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"From Our Perspective": The American version of "On the Spectrum" has no chance of being as special as it is - Walla! culture

2022-01-22T21:02:11.662Z

It is possible that in the absence of a point of comparison, the weaknesses of "From Our Point of View" would have been less jarring to Israeli eyes. Maybe those who watch it without knowing the work that gave birth to it will love it more



TV

"From Our Perspective": The American version of "On the Spectrum" has no chance of being as special as it is

It is possible that in the absence of a point of comparison, the weaknesses of "From Our Point of View" would have been less jarring to Israeli eyes.

It can be estimated that those who watch it without knowing the work that gave birth to it, will experience many of the feelings that were the lot of the viewers in "On the Spectrum".

And again, these would mean that you have to spend for these processes

Ilan Kaprov

23/01/2022

Sunday, 23 January 2022, 00:01

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Trailer for the series "From Our Perspective" (As We See It) - "On the Spectrum" (Amazon Prime Video)

Israeli series that are American-adapted are no longer in the new line, but even after all these years, and after successes like "Homeland", "Euphoria", "In Treatment" and "His Honor", it is still difficult to suppress curiosity.

To what extent is the remake based on the original?

Did he just adjust the plot to the new place and time or did he really change everything?

Does it retain the original tone that initially made Vertex Overseas decide to adapt the series?



These doubts are even stronger when it comes to a marvelous series like "On the Spectrum," one of the best on local television ever (and the one we crowned here as the previous decade series). On Friday, the version of Amazon Prime Video (which of course is also available in Israel, including Hebrew translation) came up under the name "From Our Point of View" (As We See It). Like the original she follows the experiences of three twenty-something roommates on the autism spectrum (played by Rick Glassman, Sue Ann Payne and Albert Rotkey), who take their first independent steps in their lives trying to find love, make friends, work and generally grow up. In light of their situation they are accompanied by Mandy (Susie Bacon, "13 Reasons", "The Secrets of Easttown", daughter of Kevin Bacon and Kira Sedgwick), a guide who helps mediate the world for them and vice versa.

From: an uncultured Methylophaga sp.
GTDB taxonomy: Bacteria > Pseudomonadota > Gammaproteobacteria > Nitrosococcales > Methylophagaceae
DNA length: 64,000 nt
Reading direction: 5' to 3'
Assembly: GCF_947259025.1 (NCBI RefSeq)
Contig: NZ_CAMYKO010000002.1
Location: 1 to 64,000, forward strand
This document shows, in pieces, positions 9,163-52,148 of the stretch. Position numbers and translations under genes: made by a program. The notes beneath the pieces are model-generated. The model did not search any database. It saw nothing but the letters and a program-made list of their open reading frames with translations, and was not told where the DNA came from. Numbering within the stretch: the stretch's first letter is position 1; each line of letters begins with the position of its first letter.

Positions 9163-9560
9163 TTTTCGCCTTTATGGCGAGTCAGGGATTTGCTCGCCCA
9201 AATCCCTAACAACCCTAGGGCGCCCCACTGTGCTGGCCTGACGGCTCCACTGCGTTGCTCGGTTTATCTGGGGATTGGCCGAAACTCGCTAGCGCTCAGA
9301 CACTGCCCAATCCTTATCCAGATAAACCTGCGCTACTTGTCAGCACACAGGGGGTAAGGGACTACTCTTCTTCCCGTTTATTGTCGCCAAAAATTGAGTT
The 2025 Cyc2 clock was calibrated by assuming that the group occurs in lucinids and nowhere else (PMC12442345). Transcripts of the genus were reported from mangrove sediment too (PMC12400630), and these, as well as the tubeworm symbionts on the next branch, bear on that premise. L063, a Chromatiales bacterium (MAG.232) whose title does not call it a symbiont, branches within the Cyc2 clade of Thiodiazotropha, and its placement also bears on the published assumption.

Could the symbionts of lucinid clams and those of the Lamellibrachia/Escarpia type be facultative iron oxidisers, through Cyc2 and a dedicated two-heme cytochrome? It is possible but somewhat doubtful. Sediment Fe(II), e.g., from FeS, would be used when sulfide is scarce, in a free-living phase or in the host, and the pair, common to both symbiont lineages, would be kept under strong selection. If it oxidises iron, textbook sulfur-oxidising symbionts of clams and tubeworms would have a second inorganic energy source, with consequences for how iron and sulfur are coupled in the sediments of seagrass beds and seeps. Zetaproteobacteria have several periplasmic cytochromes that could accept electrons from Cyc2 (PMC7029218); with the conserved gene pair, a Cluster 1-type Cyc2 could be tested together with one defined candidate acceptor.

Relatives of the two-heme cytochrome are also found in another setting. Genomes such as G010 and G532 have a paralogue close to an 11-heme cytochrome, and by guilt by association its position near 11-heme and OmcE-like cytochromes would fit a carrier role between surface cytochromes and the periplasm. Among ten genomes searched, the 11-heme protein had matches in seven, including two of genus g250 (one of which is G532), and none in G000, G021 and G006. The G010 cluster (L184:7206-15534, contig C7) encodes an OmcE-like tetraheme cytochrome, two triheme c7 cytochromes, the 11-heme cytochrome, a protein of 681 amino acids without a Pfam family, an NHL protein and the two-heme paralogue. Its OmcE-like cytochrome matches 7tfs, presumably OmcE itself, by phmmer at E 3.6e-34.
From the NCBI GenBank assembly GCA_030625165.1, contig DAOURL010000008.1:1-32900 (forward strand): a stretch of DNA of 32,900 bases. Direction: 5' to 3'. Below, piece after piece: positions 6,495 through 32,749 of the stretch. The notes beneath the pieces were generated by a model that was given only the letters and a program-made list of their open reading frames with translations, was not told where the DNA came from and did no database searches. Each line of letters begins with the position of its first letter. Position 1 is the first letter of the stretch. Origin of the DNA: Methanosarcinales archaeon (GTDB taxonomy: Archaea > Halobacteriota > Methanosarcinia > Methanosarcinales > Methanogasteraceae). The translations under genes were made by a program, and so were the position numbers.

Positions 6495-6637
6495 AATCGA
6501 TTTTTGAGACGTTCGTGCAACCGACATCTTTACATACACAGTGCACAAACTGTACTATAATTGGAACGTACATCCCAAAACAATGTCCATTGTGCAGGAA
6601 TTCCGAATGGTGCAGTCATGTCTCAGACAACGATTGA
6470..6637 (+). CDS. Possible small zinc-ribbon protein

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Unnecessary softening of the piece.

"From Our Perspective" (Photo: Amazon Prime Video)

On the adaptation trust Jason Catimes, who is familiar with the subject of Asperger's - his son has the syndrome, and he has already dealt with the subject in one of his previous series, "Full-Time Parents."

Even before that, Katimes had also created the TV version of "Friday Night Lights," so he no doubt knows how to create a sensitive and delicate drama.

Indeed, "from our point of view" is made up of the right components.

Culinary paraphrase: She has the quality tomato sauce and the crunchy dough and the cheese and the toppings - they all stand on their own, but somehow their connection does not end with the pizza that stands in line for her, unless it's the turn for the frozen products at the supermarket.



It starts with things that do not even directly relate to the work itself.

The name "From Our Perspective" indicates more than anything the series' distrust of its viewers, or its ability to convey the message.

In contrast to "on the spectrum", a concept that manages to be both universal and specific (we are all on the spectrum, and not in vain. After all, the work focuses so much on what is considered "normal"), "from our point of view" nails it with a five-pound hammer - and adds color Of the word "we" when the title appears on the screen, just in case we still do not understand.